I will treasure my friendship that I have built with Cath through emails forever. Cath is a remarkable woman and bead artist. She designs constantly, shares her gifts with others and moderates three beading groups on Facebook:

Cellini Peyote Freaks (https://www.facebook.com/groups/2158100991128070/?ref=group_header)

From Petal to Pod: (https://www.facebook.com/groups/PetalToPod/?ref=group_header)      International Bead Week            https://www.facebook.com/groups/internationalbeadingweek/?ref=group_header

She has a blog (https://samohtac.blogspot.com/)

And a store (https://caththomasdesigns.indiemade.com/)

Thank you Cath; I forever in your debt.

Please keep Cath in your prayers, she is having some health issues and prayers are always helpful. Thank you!

And before anyone askes, I cannot share more than I have here about Octavio. She is not my design and without Cath’s permission I have shared all I can.

And my friend, well I think she was as surprised as I have ever seen her and I know Octavio will have a great new home.  Happy Birthday,Nancy!

And that’s why we create. For the friendships we have, the friendships we make; so we can share our time, our talents and our gifts. Thank You for stopping by.  I hope you have time to stitch today and every day.

ttfn…sue

The Tale of Three Sunflower

These three little sunflower canvases have been lying on my desk for a couple years and I guess I never blogged about the original design either.

About 2 years ago my guild asked me to stitch a free Laura Perin design. I thought it was a Rainbow Gallery freebie but when I went to look for it to give credit I could not find on either Rainbow Gallery webpage (https://www.rainbowgallery.com/) nor Laura Perin (http://www.laurajperindesigns.net/index.html) webpage.  And I’m sorry but I don’t even remember the title of the design.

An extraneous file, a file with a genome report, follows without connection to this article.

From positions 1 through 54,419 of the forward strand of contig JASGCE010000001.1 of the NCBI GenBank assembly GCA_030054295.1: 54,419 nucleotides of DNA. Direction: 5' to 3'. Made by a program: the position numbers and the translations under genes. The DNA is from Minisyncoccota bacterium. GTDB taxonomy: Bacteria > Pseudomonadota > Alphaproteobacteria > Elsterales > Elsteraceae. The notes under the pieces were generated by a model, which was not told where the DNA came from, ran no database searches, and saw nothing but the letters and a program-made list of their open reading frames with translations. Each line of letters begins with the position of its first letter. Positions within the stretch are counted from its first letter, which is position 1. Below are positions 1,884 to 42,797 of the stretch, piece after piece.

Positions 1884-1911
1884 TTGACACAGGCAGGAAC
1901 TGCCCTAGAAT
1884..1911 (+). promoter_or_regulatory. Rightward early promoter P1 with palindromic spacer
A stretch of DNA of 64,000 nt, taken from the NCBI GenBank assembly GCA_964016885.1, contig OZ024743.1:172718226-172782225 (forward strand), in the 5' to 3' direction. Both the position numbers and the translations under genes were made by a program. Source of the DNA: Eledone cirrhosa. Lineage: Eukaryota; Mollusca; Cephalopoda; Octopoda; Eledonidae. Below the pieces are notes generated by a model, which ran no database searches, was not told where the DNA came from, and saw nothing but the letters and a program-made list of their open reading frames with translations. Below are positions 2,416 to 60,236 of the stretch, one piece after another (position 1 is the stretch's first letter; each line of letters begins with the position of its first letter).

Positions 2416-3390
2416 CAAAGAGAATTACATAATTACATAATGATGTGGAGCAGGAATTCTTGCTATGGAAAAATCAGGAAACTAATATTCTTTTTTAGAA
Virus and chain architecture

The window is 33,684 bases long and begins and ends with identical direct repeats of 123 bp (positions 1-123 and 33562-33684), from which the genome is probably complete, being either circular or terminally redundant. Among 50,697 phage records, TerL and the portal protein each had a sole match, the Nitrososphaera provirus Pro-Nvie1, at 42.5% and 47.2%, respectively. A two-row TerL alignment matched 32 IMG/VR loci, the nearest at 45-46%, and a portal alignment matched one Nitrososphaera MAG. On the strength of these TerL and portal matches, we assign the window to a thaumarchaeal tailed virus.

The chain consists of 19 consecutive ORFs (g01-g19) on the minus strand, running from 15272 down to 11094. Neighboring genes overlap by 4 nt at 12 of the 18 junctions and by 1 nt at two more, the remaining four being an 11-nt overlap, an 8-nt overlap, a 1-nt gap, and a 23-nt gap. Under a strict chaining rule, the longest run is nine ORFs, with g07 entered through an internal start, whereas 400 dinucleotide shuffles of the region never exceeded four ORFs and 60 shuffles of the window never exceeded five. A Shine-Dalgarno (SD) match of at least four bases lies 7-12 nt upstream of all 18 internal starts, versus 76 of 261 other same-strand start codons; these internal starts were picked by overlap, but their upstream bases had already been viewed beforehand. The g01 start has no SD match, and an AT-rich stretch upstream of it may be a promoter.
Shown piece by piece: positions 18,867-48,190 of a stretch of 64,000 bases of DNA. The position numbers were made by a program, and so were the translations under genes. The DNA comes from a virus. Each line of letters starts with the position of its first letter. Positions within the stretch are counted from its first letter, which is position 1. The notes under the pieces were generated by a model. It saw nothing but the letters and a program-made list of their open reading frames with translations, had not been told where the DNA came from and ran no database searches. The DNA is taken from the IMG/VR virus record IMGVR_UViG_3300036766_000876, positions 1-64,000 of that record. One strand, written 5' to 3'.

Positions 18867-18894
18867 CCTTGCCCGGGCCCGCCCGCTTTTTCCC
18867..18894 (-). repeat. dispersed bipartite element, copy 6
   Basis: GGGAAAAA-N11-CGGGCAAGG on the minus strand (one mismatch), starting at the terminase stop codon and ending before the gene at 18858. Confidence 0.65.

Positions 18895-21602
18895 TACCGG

The guild also wanted me to offer alternative ideas in beading for the center of the sunflower using beads; one guild member called it “messy beading.” Since I didn’t know what “messy beading” was I stitch the design as diagramed and then stitched three other center designs in the beading techniques I was familiar with. I liked all three methods of beading techniques; each technique creates its own look and I can see using in on different canvases for a special effect.

I use Miyuki beads whenever possible, Toho are also excellent beads too. I use mostly Miyuki because that is what I started with and although the beads may be intermixed, there is a very slight size difference. There are many seed beads on the market and they are not all equal; I would stick with Japanese seed bead Manufactures, Mill Hill or a source I knew I could trust. Beading is a whole blog(s) unto itself so I will just say if you are starting beading, buy one manufacturer and stick with them. I will also add an addendum to this if you buy a kit, don’t throw the beads away, use them. We will assume that whoever kits the project uses the best beads available for the project; if you find this to be untrue then substitute your favorite beads for the project.

The first sunflower used round 11/0 seed beads and made loops of beads. This is the technique I would call “messy beading” you string several beads on beading thread and make loops. I like this technique, but it will catch easily and so be careful where you use it. You could secure each loop so that if one loop breaks they all won’t come unraveled.